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26.03.2016 Egypt

Italy unhappy with Egyptian explanation of student's death

By AFP
Protesters hold an Italian flag with photos of Giulio Regeni, during a demonstration in front of the Egypt's embassy in Rome, on February 25, 2016.  By Filippo Monteforte (AFP/File)
LISTEN MAR 26, 2016
Protesters hold an Italian flag with photos of Giulio Regeni, during a demonstration in front of the Egypt's embassy in Rome, on February 25, 2016. By Filippo Monteforte (AFP/File)

Rome (AFP) - Italy has cast doubt on Egypt's explanation for the murder of Italian student Giulio Regeni, after Egyptian police said they had killed four gang members and found the victim's passport at one of their apartments.

"Italy insists: we want the truth," said Italian Foreign Minister Paolo Gentiloni on his Twitter feed late Friday, while prosecutors in Rome rejected the latest conclusions of the Egyptian probe.

Italian media and western diplomatic sources in Cairo have voiced suspicions that Egyptian security services kidnapped and tortured to death the Cambridge University graduate whose mutilated body was found in Cairo in January.

On Thursday, Egyptian police said they had identified people linked to Regeni's murder, after killing four members of a criminal gang and finding the victim's passport at one of their apartments.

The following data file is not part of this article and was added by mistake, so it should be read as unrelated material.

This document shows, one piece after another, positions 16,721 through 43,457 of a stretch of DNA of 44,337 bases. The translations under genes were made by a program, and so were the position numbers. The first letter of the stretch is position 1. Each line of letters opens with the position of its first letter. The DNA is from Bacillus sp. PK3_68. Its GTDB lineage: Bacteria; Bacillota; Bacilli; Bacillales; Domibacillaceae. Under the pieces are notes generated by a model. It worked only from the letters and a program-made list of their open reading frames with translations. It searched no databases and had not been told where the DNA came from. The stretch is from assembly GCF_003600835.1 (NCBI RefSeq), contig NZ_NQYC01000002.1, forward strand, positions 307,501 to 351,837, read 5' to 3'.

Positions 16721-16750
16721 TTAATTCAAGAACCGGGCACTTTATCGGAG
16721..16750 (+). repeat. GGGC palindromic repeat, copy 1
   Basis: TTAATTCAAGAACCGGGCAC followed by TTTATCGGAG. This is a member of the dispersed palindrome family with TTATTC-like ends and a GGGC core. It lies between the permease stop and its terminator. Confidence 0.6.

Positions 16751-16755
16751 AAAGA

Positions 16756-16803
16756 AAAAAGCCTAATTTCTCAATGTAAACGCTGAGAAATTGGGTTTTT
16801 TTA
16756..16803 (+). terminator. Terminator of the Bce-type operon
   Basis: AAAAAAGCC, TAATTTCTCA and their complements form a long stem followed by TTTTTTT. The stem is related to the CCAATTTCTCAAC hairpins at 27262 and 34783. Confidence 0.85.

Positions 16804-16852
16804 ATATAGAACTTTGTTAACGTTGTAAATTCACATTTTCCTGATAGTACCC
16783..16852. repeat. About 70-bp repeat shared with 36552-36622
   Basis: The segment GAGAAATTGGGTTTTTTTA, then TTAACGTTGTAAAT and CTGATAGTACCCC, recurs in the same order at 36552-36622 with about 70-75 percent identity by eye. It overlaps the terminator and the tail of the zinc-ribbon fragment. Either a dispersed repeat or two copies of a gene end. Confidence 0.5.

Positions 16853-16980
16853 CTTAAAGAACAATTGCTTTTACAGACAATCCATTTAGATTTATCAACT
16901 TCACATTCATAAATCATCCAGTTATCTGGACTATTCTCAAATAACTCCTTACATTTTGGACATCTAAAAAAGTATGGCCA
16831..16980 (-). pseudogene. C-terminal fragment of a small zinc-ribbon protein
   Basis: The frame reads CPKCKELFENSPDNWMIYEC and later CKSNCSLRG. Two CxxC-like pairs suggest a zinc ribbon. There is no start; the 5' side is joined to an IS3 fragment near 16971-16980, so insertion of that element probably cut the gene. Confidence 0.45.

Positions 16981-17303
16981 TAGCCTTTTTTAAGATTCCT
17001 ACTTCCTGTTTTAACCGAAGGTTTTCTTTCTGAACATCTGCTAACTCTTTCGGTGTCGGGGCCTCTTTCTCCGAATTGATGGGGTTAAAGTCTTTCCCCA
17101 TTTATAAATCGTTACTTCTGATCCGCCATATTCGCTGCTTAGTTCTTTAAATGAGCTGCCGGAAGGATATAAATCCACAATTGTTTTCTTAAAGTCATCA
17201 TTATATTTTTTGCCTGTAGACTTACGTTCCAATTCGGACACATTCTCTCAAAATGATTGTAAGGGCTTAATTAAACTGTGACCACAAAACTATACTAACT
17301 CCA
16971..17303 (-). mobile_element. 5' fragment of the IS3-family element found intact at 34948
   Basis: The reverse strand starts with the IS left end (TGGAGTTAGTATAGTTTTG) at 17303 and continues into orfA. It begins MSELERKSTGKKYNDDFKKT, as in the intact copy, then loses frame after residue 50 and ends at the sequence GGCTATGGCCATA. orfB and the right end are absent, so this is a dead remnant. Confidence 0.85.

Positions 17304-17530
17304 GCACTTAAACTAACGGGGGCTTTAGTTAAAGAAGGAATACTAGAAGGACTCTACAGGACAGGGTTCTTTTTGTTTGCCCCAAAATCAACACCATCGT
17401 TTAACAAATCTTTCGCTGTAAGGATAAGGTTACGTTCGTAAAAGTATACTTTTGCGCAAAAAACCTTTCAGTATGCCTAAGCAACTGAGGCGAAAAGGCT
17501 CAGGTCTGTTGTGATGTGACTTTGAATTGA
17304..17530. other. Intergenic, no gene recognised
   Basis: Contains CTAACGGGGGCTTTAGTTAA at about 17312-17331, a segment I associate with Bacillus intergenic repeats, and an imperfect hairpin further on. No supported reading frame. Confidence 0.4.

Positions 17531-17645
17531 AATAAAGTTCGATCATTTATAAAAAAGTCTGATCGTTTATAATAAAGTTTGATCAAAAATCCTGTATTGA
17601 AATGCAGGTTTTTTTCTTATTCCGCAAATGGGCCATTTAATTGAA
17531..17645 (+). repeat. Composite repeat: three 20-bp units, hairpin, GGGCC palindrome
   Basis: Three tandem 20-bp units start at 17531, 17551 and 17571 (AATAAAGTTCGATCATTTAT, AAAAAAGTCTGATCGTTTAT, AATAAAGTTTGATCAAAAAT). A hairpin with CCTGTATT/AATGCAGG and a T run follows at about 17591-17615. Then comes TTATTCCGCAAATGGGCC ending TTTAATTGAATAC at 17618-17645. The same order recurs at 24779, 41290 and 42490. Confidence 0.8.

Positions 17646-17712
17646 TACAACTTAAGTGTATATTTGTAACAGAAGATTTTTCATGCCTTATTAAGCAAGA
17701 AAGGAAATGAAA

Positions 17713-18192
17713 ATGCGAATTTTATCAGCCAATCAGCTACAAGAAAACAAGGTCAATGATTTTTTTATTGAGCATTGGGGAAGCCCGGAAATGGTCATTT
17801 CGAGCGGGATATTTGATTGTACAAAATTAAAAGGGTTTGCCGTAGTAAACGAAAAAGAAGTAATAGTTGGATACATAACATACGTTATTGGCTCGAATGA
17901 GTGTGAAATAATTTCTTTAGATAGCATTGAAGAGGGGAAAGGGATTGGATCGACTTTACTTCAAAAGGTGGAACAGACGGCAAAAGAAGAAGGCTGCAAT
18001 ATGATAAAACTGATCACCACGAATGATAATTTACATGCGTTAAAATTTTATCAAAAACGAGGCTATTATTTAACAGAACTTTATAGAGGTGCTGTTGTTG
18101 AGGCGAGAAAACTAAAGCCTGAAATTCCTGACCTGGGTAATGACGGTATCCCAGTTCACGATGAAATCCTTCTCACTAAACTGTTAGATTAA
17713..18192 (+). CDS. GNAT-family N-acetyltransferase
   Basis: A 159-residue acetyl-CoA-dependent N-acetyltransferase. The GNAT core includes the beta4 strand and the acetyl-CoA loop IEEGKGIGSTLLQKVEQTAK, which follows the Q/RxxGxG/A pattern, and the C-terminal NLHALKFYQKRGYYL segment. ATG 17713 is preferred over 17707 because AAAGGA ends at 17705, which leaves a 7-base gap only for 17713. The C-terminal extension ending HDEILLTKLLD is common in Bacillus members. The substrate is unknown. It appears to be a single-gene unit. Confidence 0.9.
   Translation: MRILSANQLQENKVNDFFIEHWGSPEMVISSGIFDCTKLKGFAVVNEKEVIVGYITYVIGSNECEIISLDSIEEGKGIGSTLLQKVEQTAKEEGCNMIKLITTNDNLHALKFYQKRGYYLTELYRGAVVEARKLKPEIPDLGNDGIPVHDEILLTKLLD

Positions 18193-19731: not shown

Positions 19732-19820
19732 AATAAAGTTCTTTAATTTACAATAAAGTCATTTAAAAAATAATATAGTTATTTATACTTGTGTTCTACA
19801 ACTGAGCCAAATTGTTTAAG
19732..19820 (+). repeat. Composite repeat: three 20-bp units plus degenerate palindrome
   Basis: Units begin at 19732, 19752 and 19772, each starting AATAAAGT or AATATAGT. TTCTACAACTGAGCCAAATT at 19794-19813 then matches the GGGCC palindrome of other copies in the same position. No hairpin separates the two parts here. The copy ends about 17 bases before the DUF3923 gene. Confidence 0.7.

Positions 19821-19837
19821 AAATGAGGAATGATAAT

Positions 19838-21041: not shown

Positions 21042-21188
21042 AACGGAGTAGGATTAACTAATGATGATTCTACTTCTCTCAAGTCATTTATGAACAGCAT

Regeni disappeared on January 25 in central Cairo. His body was found nine days later on the side of a motorway, badly mutilated and showing signs of torture.

Rome prosecutor Giuseppe Pignatone said in a statement that "details communicated so far are not satisfactory to shed light on the death of Giulio Regeni. Investigations must therefore continue."

According to Italian government sources, premier Matteo Renzi has promised the parents of the young student that Rome will continue to put pressure on Egypt to establish the full truth behind his death.

"Italy will never content itself with anything less than the truth, the whole truth, without shadows or mystery," a source within the prime minister's office said.

Quoted by Italian press, Regeni's parents said they were "injured and bitter" at Egyptian authorities' latest attempt to explain their son's death.

Regeni, 28, had been researching labour movements in Egypt, a sensitive topic, and had written articles critical of the government under a pen name.

The incident threatened relations between Egypt and Italy, a strong supporter of President Abdel Fattah al-Sisi whose security services have been accused of abusing dissidents.

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